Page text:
Free Play: How to Relax and Let it Happen

Free Play: How to Relax + Let it Happen

I had read many articles and books about the decline of play in society.   I had been at faculty meetings at which we discussed the difficulty of fitting play into our students’ day.  I had even watched our then six year-old struggle somewhat with the transition from a Kindergarten class at an independent school, that valued play, to a more structured and standard oriented public first grade, but it was not until I began substitute teaching in several of our local public elementary schools that I really realized just how much time for unstructured play is on the decline.


It was rare that the schedules for the classes I was working in allowed for any free play, even in the youngest grades.  If they did it was for very short periods of time, and was often the first thing sacrificed in order to make room for more academic endeavors, then one day I was asked to spend the day in a Kindergarten class.  I love this age group, and treasure watching them learn more about their world through experiments, play, and social interactions.  The class I was in had two teachers, so I was able to assist them with their regular routine and had plenty of time to observe the students and their regular routine.  We got to the end of a long and academic day and Choice Time, a forty minute block for free play, which they only got twice a week, arrived.  I watched the teacher gather the class on the rug and have each student sign up for a center.  They chose between puzzles, computers, blocks, drawings, and other centers.  There were limits to how many students could play at each center and this signing up process took over twenty minutes.  The students were now left with twenty minutes to enjoy their chosen center, at which they had to remain for the full time while sitting and using whisper voices.  You could see that this was unnatural for the students who naturally wanted to move their bodies and combine toys in order to develop new games.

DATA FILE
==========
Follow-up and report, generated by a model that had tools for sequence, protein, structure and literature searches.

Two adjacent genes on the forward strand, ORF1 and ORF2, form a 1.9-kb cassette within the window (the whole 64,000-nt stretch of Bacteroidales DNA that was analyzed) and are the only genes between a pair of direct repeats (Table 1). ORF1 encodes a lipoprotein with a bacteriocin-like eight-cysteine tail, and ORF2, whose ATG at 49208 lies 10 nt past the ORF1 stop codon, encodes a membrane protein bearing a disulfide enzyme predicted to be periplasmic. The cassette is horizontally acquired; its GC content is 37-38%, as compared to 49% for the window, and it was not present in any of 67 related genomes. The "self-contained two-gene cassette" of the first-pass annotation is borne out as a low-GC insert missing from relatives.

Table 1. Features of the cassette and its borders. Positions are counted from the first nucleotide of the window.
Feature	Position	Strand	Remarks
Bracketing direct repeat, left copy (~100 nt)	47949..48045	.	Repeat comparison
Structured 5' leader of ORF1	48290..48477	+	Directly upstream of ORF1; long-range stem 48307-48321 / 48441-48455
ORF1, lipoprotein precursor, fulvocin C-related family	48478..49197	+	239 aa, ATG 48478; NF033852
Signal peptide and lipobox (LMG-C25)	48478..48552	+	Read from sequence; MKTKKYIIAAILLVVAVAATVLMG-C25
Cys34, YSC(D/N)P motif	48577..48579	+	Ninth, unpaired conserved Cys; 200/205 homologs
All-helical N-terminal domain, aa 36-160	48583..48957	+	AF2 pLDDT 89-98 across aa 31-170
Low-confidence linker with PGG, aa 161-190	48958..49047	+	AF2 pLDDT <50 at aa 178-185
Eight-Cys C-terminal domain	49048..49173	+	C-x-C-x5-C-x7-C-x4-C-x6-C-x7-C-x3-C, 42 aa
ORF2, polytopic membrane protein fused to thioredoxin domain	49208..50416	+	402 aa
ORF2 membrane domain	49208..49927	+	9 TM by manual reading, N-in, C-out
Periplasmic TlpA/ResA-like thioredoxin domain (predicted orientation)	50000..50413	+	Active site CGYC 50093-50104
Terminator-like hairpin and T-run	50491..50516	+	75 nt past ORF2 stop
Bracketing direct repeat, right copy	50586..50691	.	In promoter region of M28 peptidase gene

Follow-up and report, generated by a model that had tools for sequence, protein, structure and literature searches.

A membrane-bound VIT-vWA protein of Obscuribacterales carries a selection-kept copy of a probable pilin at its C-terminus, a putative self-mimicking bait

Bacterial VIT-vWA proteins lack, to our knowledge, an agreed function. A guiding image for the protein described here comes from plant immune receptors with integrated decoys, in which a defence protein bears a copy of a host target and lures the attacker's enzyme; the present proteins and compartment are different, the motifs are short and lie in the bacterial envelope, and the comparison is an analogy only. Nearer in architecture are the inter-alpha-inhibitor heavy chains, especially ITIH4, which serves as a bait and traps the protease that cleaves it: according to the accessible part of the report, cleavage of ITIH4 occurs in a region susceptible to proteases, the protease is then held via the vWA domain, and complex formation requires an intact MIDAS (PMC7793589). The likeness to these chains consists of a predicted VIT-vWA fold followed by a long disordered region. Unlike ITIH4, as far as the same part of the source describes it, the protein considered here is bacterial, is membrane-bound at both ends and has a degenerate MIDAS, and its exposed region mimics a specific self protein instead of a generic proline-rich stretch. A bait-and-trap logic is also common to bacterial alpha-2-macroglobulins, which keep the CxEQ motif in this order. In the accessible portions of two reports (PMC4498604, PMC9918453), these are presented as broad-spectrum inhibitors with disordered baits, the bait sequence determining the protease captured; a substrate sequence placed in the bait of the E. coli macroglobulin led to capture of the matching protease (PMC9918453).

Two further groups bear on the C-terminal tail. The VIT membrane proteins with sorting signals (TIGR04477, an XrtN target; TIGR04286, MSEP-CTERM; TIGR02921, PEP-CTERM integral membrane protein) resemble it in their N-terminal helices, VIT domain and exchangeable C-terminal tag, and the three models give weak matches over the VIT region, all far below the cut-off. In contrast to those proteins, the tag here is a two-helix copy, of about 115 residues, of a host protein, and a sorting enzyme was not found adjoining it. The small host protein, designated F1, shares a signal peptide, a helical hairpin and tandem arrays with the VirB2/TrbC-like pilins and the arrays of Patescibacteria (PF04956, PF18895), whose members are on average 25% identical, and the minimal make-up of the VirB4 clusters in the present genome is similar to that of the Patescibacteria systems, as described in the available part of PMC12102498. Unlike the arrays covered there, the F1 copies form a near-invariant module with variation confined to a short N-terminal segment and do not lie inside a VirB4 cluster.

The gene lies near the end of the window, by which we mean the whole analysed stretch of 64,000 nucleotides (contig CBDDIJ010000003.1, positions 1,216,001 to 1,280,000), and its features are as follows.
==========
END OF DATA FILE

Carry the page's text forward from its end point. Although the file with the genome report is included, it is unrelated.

Needless to say, this did not fit my definition of free play.  It was so structured, with so much time-consuming management, that the students were not provided the opportunity to do the things that help them learn and create; namely interact with many children, use their imagination, transition and use their bodies, and make mistakes.  The classroom teacher was not to be blamed for this; she had at least worked to carve out some time for free play, which is often completely missing from students’ schedules.


I left that day feeling frustrated for the children and worried about our oldest, if this was the plight of these Kindergarteners, what was happening in her first grade room?  I spent the next few days coming up with a game plan, and along her father, made some changes to allow for more free play in our children’s lives.  Some of these were principles that we already tried to follow, but really focusing on them benefited our family greatly, not only were the children more relaxed and happy, but so were the adults.


  1. Pare back the schedule: We are fortunate enough to live in a community with lots of options for structured children’s programs, from swim lessons to the library, we could have our children signed up for a different, enriching activity everyday. We have learned to say no to things, to realize that down time and free play are just as, if not more important, than filling our time with only structured activities.


  1. Limit screen time: We had always been careful about this, but we made a decision to say no screen time on school days. This might not work for every family, but as we are a blended family, and sometimes only have our oldest on weekdays and this rule freed us up for more play and family time.


Free play: How to Relax + Let it Happen


  1. Get outside: The outside world is the perfect setting for free play, whether it be bike riding, building fairy houses, or simply going for a walk, nature allows for our minds to wander and our playful spirit to emerge.


Free Play: How to Relax + Let it Happen


  1. Relax expectations: As a teacher and mother it is hard for me to not turn every opportunity into a teachable moment or a mini-lesson. I have had to take a step back, let my children lead the play, and see where their creative minds naturally take it.